Regardless of the envisaged order of the tasks, it is crucial to schedule and organize the work properly in advance, so as to minimize time disruptions and smooth the process. This work, like the appraisal work, is time consuming and requires a realistic time scale to ensure the required quality (see box 5.4). Structuring and drafting, as well as the whole process of the PPP, is a project in itself. As in any project management function, work organization and time scheduling are paramount factors to successfully manage the project. In this case, project success is achieved through the outcome of tendering out the project in the time expected (and announced in the market) with all conditions checked and approvals received.
The length of each task and the time required for the whole work process of this phase depends on many factors, especially the level of work done in appraisal, the need for further assessment and preparation, and the level of progress and certainty in the defined pre-structure.
The existence of a clear framework that sets out the criteria to be met by the project contract, the process of authorizations and approvals, and guidelines will help to ensure a smoother process without compromising the quality and reliability of the outcome. Proper planning and organization of the work, identifying key stakeholders and defining/allocating responsibilities clearly within the project team are also paramount.
Insufficient time lies at the heart of many failures in PPP projects. Rushing these critical tasks to meet unrealistic time frames will produce unreliable project structures not duly tested or not properly incorporated in a clear contract that can handle future changes and uncertainties.
The time required for this phase of the cycle (as with appraisal) depends on the particularities of the specific project. The length of time used in countries globally to structure and produce the tender package may vary from around 6 months for simple projects (with no significant challenges in terms of technical and risk complexity) undertaken in accordance with sophisticated guidelines and standards, to 12 or 18 months for more complex projects. This range assumes that the Appraisal Phase produced a highly prepared project with sound feasibility tests and a significantly developed preliminary contract structure. The time must also be sufficient to allow the procuring authority to implement any appropriate early risk mitigation measures (see section 5.5).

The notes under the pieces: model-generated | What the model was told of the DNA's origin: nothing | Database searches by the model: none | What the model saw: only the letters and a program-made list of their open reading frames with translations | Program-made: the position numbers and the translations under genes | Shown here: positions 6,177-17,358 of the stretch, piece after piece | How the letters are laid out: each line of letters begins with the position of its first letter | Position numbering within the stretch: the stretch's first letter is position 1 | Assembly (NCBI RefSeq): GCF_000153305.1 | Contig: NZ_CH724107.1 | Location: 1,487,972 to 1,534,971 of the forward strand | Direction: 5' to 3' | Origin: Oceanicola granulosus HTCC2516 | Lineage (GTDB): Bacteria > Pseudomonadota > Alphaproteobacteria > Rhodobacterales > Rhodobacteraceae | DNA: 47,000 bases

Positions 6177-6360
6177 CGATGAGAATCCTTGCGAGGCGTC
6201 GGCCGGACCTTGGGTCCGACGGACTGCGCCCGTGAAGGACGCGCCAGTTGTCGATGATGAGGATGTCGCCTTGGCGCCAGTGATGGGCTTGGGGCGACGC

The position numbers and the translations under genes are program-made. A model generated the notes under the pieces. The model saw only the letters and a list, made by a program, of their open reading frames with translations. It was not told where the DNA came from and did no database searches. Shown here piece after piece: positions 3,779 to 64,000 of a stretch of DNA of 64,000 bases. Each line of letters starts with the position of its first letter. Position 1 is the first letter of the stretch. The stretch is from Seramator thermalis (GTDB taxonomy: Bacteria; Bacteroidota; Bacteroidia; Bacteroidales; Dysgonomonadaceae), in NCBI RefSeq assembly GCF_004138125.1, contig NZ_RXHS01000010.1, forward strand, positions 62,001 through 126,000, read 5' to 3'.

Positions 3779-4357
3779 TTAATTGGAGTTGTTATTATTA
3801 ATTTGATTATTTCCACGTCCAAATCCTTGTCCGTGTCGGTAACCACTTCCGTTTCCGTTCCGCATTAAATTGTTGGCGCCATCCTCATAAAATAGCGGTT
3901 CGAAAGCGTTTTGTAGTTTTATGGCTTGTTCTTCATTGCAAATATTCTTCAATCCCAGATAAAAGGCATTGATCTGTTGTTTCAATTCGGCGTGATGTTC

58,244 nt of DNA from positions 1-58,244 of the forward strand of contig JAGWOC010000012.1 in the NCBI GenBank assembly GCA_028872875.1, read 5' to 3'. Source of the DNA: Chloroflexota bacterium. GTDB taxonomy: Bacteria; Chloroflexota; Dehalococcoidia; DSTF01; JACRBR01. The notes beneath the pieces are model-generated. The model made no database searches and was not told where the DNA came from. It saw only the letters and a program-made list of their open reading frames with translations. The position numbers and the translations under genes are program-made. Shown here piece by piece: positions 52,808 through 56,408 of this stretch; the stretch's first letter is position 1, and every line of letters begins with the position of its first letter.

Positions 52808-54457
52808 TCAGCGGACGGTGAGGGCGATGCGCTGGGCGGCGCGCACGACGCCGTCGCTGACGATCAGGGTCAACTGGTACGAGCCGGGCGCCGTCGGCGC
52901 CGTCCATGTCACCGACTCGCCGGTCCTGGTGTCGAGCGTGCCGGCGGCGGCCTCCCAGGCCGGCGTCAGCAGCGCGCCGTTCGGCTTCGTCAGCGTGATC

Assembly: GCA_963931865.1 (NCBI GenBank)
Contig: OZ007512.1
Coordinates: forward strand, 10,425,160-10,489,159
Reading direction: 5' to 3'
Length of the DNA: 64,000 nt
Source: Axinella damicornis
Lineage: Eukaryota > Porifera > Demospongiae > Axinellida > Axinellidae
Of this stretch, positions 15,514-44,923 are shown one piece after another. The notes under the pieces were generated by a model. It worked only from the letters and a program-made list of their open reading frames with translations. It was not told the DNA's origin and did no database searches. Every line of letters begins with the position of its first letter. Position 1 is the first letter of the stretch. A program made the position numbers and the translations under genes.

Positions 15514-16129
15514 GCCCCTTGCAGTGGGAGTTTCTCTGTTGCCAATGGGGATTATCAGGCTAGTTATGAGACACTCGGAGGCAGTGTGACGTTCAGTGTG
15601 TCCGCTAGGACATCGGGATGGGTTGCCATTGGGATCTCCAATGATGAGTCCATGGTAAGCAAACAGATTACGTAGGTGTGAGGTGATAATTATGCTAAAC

If preparation of the tender package is rushed but appropriate quality checks are in place, the approving bodies may require further refinement before tendering. The reputation of the procuring authority will be damaged if this results in rescheduling of the time announced for tendering (see “marketing and testing the project” in section 6). However, if the preparation of the tender package is rushed and appropriate quality checks are not in place, there is a high risk of failure of either the tender process or any PPP contract entered into as a result of that process.
The description in the following section reflects a common structuring and drafting process, notwithstanding that many countries may use variations.